A boater motors past lobster boats moored off North Haven, Maine, Monday, March 16, 2020. The North Haven Select Board voted to ban visitors and seasonal residents immediately to prevent the spread of the coronavirus to the island in Penobscot Bay. Credit: Robert F. Bukaty | AP

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Maine humorist Tim Sample knows a thing or two about out-of-staters.

Sample has made a career out of telling Maine stories, and in his repertoire he’s got plenty that centers on the traditional foil — hapless visitors from away who make the mistake of underestimating wily Mainers. He’s told those jokes a time or two in his life.

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“It’s been a very common and longstanding, tongue-in-cheek thing, about people from away. Summer complaints,” he said. “It’s certainly a boilerplate part of the Maine humor canon… You could be from anywhere, any race, creed, color and religion, and you can do just fine in Maine — as long as you don’t do the cardinal sin, which is that thinking that whatever you do, wherever you came from, it makes you better than the local people.”

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But now, in the time of the coronavirus pandemic, some Mainers believe that out-of-staters are committing a second cardinal sin: that they could be unwittingly bringing the virus into the state with them. For some, the sight of cars from New York and Massachusetts heading north on I-95 seems more ominous than ordinary — a feeling that has evoked mixed responses from locals.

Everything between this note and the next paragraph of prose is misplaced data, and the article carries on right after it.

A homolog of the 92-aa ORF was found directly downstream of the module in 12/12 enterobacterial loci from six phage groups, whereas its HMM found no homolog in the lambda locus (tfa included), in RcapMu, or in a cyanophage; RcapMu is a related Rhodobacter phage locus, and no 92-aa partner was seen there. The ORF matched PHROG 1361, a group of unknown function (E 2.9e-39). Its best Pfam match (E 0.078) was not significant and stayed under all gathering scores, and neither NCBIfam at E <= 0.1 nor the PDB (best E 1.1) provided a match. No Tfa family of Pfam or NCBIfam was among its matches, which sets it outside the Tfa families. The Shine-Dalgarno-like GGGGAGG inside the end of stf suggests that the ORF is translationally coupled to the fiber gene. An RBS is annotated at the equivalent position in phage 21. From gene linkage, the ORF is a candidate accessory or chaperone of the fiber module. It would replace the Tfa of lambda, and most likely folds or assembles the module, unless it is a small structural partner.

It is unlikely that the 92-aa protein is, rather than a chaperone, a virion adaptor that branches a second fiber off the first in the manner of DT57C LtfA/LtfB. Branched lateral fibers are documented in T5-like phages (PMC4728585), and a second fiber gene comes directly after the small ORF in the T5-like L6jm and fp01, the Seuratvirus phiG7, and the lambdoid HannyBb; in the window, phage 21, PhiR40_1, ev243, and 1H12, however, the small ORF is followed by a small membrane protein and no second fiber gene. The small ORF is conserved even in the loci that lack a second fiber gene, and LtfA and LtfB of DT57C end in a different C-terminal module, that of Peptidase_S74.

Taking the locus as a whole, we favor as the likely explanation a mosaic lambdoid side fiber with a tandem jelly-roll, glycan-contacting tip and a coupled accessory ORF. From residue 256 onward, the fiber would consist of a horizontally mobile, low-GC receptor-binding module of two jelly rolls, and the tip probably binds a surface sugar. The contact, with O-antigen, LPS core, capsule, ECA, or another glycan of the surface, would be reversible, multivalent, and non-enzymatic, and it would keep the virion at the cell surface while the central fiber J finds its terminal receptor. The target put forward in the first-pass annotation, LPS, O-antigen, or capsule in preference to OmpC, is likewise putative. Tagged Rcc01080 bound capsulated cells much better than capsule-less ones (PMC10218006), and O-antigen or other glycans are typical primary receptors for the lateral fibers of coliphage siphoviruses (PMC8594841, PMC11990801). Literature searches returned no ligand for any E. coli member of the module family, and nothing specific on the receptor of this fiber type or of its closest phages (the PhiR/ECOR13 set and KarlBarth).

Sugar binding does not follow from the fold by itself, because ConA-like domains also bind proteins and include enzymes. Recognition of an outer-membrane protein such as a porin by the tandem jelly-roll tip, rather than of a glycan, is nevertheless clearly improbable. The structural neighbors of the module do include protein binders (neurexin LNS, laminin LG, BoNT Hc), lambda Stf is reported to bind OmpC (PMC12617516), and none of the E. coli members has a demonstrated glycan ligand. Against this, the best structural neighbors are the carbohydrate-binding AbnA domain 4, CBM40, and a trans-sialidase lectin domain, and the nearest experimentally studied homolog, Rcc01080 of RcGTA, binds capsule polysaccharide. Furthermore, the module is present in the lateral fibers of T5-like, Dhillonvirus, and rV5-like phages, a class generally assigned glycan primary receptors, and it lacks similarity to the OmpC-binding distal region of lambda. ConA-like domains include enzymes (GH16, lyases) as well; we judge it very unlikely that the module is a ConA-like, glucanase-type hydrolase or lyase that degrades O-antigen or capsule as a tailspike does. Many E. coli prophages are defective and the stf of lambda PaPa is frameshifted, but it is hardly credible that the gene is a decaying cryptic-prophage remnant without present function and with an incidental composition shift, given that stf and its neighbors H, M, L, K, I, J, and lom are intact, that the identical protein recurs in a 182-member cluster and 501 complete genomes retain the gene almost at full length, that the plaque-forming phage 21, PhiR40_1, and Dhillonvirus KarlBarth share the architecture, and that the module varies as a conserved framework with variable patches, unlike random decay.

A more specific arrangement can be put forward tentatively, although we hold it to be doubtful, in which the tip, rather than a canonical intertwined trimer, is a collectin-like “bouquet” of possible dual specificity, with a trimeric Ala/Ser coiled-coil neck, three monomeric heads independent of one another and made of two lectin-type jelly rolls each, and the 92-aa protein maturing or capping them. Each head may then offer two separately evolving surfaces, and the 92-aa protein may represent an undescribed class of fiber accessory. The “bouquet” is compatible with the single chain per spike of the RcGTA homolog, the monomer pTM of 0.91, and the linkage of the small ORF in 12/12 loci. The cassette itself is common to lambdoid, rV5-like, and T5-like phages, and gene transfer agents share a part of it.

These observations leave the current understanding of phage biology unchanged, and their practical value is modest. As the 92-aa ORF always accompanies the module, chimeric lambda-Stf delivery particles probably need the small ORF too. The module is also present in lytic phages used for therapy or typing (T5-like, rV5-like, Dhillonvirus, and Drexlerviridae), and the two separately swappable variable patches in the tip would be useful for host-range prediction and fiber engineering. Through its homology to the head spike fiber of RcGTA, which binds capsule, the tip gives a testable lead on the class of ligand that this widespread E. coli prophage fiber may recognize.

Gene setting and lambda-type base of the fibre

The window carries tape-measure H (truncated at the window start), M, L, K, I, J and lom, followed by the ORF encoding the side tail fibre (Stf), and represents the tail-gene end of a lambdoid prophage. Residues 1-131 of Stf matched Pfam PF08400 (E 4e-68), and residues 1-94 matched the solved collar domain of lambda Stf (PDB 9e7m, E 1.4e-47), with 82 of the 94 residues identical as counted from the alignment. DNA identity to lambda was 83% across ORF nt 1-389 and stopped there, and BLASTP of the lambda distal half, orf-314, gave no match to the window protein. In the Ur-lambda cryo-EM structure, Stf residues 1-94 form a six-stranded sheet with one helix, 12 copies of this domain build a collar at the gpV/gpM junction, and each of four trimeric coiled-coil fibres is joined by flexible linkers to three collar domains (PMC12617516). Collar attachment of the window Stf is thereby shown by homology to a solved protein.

Under normal circumstances, Dan Miller of Belfast is welcoming of summer visitors. But this year, his usual friendliness is undercut by fear. He and his son were at Overlock Skate Park in Belfast recently when some visitors from Brooklyn, New York, struck up a conversation.

“Henry and I literally dropped our bikes and walked backwards up a corner ramp to get away from them,” he said. “We weren’t afraid of being mugged or killed — only breathed on or touched.”

New York City is at the epicenter of the global pandemic crisis now. As of Sunday, there have been more than nearly 100,000 confirmed cases there and more than 6,000 deaths from the coronavirus. New York state alone has more confirmed coronavirus cases than any other country outside of the United States, according to data from Johns Hopkins University.

While New Yorkers are under a lockdown, many have fled elsewhere for refuge. Escalated tensions between city-dwellers and the people who live year-round in more sparsely populated vacation destinations have made headlines around the country. But a couple of reports in Maine have been particularly attention-getting. Those include the short-lived effort on North Haven to stop non-residents from visiting the island and a small group of people from Vinalhaven who allegedly tried to force a group of out-of-staters to quarantine by cutting down a tree and blocking their driveway.

It’s enough to make a person wonder if the pandemic is tipping Maine’s folksy suspicion of those from away into something darker.